Things You Will Need
- Replacement window
- Flat bar
- Galvanized nails
- Screw gun and screws
- Carpenter's level
Old basement windows can be a source for unwanted groundwater to enter a home during the rainy season. Sometimes, the best choice is to replace basement windows with a newer replacement model. Although, most basement windows are fairly easy to replace, following some general guidelines will ensure that you end up with a waterproof and draft-proof window that adds light and style to your basement and walks you through window instillation.
Check with the building authority in your city or county. Due to fire safety regulations that were enacted during the 1990's, you must replace an existing basement window with an approved egress window that will provide an escape route from your basement. Depending upon the code, this usually means choosing a slider.
Remove the old window by prying the trim off from the exterior of the window and pulling out the nails that hold the window in place. Repeat the process from the interior of the home to free the old window from the frame. If the window doesn't come out easily, use a flat bar to gently pry at the top corners.
Inspect and repair any rotting wood or termite damage at this time.
Begin window installation by inserting the new window in the frame from the outside. It helps at this point if you have an assistant standing on the inside to make sure the placement of the window unit is even. The assistant will check to ensure the gaps on either side of the window as well a replaces those above and below it are approximately the same.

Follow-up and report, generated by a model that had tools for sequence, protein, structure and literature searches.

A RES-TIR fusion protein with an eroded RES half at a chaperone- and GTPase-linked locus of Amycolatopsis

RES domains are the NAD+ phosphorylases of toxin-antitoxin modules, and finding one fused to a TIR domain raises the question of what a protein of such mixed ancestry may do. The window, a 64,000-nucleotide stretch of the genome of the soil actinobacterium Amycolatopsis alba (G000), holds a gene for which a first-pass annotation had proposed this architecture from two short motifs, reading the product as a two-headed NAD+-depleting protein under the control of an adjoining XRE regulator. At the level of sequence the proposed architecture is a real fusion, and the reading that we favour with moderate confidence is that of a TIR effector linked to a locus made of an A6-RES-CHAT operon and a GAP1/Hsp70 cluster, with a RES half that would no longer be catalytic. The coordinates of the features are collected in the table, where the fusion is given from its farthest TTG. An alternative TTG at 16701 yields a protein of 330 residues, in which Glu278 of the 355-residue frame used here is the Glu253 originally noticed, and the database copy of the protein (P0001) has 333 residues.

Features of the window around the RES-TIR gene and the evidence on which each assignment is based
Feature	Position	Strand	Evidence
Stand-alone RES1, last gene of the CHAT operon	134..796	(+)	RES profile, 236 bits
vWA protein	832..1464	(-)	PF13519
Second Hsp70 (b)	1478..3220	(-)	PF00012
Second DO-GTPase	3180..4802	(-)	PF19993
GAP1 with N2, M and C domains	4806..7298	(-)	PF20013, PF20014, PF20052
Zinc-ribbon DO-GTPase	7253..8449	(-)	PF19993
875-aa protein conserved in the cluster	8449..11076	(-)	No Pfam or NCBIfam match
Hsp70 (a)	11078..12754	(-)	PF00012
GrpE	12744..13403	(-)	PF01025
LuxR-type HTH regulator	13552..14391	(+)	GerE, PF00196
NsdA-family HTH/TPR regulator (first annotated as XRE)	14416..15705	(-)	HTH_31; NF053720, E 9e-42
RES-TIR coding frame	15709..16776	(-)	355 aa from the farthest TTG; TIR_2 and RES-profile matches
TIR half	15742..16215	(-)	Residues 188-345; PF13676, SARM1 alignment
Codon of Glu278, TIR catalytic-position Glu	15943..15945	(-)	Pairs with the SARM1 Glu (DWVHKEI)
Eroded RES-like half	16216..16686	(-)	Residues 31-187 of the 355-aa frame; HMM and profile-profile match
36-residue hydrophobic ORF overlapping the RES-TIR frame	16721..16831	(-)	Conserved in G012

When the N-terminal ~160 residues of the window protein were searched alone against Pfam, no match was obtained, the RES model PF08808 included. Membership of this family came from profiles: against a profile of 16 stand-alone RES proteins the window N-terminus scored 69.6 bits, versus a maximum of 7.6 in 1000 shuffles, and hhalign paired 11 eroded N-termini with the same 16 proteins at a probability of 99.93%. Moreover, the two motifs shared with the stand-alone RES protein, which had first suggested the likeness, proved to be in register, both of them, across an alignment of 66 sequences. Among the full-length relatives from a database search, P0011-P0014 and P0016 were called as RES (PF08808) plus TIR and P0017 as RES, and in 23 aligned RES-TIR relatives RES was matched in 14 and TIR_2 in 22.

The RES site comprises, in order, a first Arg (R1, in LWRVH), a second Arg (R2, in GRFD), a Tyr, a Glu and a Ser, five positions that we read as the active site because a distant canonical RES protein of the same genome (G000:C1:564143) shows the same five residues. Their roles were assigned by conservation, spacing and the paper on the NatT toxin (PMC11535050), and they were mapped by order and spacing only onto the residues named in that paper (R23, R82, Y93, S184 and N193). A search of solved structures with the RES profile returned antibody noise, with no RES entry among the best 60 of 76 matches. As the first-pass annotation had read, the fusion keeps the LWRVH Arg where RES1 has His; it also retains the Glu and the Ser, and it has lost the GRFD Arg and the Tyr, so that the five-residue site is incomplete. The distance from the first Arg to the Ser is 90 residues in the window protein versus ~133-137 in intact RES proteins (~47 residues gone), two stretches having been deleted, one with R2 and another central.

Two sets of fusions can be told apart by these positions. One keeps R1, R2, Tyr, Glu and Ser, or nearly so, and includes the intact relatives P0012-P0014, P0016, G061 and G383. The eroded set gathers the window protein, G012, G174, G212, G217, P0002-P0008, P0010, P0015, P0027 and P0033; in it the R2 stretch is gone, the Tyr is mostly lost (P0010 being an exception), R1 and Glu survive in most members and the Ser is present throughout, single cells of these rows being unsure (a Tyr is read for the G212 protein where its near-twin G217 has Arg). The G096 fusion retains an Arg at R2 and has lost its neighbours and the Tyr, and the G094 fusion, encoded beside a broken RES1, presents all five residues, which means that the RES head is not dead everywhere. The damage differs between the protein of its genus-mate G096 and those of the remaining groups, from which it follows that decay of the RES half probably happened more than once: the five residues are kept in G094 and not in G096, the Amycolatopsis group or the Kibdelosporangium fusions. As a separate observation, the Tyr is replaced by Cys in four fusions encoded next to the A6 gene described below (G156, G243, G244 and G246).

Nail one bottom corner in the attached flange and then use a carpenter's level to determine the bottom window level. This is done before nailing the other side. Continue to nail the remaining holes provided in the attached flange.
Select a storm window or attach weather-resistant trim to the exterior of the basement window. Treated wood is a good choice but resin-based composite materials provide a waterproof finish that will last indefinitely.
Push fiberglass insulation in the gaps surrounding the window from inside before installing the inside trim. Pack loosely. Insulation needs a "dead space" in order to trap the air. For this reason, avoid expanding foam insulation around windows.
Install the new interior trim and fill nail holes with matching putty and paint or varnish. On the outside, use silicone caulking to fill seams and paint, if desired.
Windows are one housing item where you really do "get what you pay for." Purchase the best window you can afford within your budget.